The first is a new feature called “I Am A Champion” that begins airing this week on SportsCenter and NFL Live. It profiles various Super Bowl-winning quarterbacks and the “key life and career decisions” they’ve made.
Bing will also sponsor ESPN The Magazine‘s 2011 “NEXT” event during Super Bowl weekend.
Bing has been aggressively advertising to football fans during the current season with things like the Bing National Tailgating Championship, visibility during Monday Night Football andSportsCenter broadcasts, advertising on Sports Illustrated‘s website, and now this latest push.
Has it worked? A spokesperson says Bing has seen a 17% jump in traffic among the 50+ million football fans tracked by comScore (compared to the three months before the NFL season began). And, via testing at its NFL tailgating events, Bing’s awareness is up 29% and favorability has increased 24%. [24×7]
A Whopper of a Deal! $30 Million Cheezburger Is Prime Choice for Growth
The three-year-old Cheezburger Network – home to Lolcats, as well as Fail Blog and other spokes in the Seattle company’s Web humor wheelhouse – has raised $30m of funding that could position the meme factory to become the biggest network of humor sites in the world.
Ben Huh, chief executive of the Cheezburger Network and the man credited with taking internet “memes” (fads) to the mainstream, brought angel investors together to buy the site for $2.25m. Three years on, Huh has expanded the company to the point where it employs 50 staff and has launched almost 50 niche humor sites including Graph Jam, with its witty pie charts, and Engrish Funny, home to well observed translation errors.
Huh has managed to ensure that the company has been profitable from the start, generating 375 million page views every month, as well as selling Lolcat T-shirts, Fail mugs and Cheezburger desk calendars.
Leading the new $30m investment round is the Foundry Group – which has also invested in the Farmville games firm Zynga – followed by Avalon Ventures, SoftBank Capital and Madrona Venture Group. Madrona’s managing director, Greg Gottesman, told the Seattle Times the company was “a great entrepreneurial story”. He added: “Financing aside, the size of what they’ve built with such limited capital, so few people, is really impressive.” [24×7]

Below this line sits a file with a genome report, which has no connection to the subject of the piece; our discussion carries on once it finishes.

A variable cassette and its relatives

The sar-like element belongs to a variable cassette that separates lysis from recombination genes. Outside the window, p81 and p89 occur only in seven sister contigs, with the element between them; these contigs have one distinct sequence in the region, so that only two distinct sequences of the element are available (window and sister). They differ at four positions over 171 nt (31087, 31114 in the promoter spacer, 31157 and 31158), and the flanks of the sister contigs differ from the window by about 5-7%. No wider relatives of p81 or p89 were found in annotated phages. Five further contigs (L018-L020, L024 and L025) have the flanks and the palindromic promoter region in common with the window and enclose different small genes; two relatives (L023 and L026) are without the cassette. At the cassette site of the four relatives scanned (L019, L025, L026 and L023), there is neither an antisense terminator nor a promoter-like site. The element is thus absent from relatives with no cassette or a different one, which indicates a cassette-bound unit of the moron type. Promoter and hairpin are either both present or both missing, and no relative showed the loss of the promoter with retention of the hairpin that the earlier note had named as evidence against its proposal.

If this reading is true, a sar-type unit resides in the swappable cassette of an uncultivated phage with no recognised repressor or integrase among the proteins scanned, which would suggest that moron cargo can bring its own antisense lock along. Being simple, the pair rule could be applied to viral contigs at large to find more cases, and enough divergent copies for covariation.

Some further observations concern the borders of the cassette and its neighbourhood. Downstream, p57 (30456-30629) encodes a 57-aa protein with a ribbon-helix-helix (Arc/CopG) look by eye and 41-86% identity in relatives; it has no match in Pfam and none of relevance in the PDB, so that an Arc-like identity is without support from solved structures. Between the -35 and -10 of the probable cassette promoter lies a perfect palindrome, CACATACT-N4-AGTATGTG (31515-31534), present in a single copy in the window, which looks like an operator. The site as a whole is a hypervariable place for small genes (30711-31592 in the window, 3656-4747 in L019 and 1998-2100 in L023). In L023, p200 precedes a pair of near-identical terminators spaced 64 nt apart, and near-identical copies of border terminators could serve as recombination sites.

Seattle Reddit Firefly Fans Use Kickstarter to Fund Movie Day
A group of Seattle-based fans of Joss Whedon’s Firefly are using Kickstarter to gather the funds for a day-long movie event where they will watch the entire one-season run of the show. The event was born on the Internet using the Kickstarter model which has emerged as a crowdsourced angel fund for projects. Kickstarter collects the money directly, alleviating the need for a single person to collect cash or checks from other users (and all the complications that go with accountability on a scale this size). The cost of the theater with refreshments is going to be about $800. Base price for a ticket is $20, but true to the typical Kickstarter model, larger donations get special perks. In this case, a $100 donation gets you “one of five nifty accessories to enhance viewing.”
The best part about Kickstarter is the absence of risk. Kickstarter’s all-or-nothing funding model ensures that unless and until the funding threshold has been raised, no one gets charged. No money changes hands, no messy refunds, no worries. [24×7]